Humans historically have shown a strong willingness to store their money in assets not controlled by governments and authorities, said Marion Laboure, a senior economist and market strategist at Deutsche Bank. Therefore, Laboure said she could see Bitcoin “as a kind of digital gold” where people can store their value as well. If Bitcoin is sometimes called “digital gold”, Ethereum would then be the “digital silver”, she added.
Speaking of volatility, Laboure said that gold, at one point in time, was also volatile. Then she quickly added a word of caution. It is important to keep in mind that Bitcoin is risky, she said, adding that it is too volatile to be a reliable store of value today. Laboure further said that she “expects it to remain ultra-volatile in the foreseeable future”.
In an elaborate Q&A published on DB.com, Laboure explained why she thinks Bitcoin price will remain “ultra-volatile”. The first reason for the volatility, according to her, is that about two-thirds of Bitcoins are used for investments and speculation. “Second, due to its limited tradability, just a few additional large purchases or market exits can significantly impact the supply-demand equilibrium,” she added. The third reason, she explained, is that the value of the world’s oldest cryptocurrency will continue to rise and fall depending on what people believe it is worth. “Small changes in investors’ overall perceptions about Bitcoin can have a large impact on its price,” she said.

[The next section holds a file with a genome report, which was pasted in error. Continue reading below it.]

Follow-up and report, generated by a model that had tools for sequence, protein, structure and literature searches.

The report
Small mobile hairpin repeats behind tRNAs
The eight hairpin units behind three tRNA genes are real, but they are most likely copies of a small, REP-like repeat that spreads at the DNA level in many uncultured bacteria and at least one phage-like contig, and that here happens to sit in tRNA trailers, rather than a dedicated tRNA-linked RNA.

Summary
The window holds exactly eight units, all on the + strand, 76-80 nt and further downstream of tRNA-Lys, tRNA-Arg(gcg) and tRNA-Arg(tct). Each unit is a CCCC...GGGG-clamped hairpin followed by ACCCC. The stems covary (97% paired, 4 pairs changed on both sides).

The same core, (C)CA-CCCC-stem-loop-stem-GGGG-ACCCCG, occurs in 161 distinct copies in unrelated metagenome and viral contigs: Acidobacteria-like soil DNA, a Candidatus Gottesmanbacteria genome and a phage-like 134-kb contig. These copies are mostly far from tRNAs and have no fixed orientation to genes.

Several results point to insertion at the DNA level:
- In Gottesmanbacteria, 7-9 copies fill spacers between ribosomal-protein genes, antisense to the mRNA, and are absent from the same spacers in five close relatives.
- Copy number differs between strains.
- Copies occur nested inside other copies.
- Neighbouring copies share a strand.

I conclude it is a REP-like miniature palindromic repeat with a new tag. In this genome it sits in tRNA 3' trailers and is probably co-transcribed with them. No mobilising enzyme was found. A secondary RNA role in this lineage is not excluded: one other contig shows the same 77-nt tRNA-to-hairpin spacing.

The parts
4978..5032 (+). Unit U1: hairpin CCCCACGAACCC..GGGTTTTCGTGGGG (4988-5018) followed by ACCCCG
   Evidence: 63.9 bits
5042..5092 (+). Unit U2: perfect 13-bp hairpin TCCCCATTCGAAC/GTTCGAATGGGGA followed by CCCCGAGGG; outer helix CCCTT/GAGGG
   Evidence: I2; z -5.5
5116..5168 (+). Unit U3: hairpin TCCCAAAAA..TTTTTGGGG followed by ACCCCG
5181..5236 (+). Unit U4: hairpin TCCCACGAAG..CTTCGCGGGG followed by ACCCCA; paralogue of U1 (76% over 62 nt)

While there might be several issues concerning the world of cryptocurrencies, Laboure sees the lack of regulation as the most significant one. Besides, the senior economist said that the damage it causes to the environment is huge. Citing numbers, Laboure said that Bitcon’s annual electricity consumption is around the same as a country with the population size of Pakistan.
Laboure, however, doesn’t imagine any other cryptocurrency making it as big as Bitcoin. The reason? “Network effect,” she said, adding that Bitcoin exploited the first-mover advantage.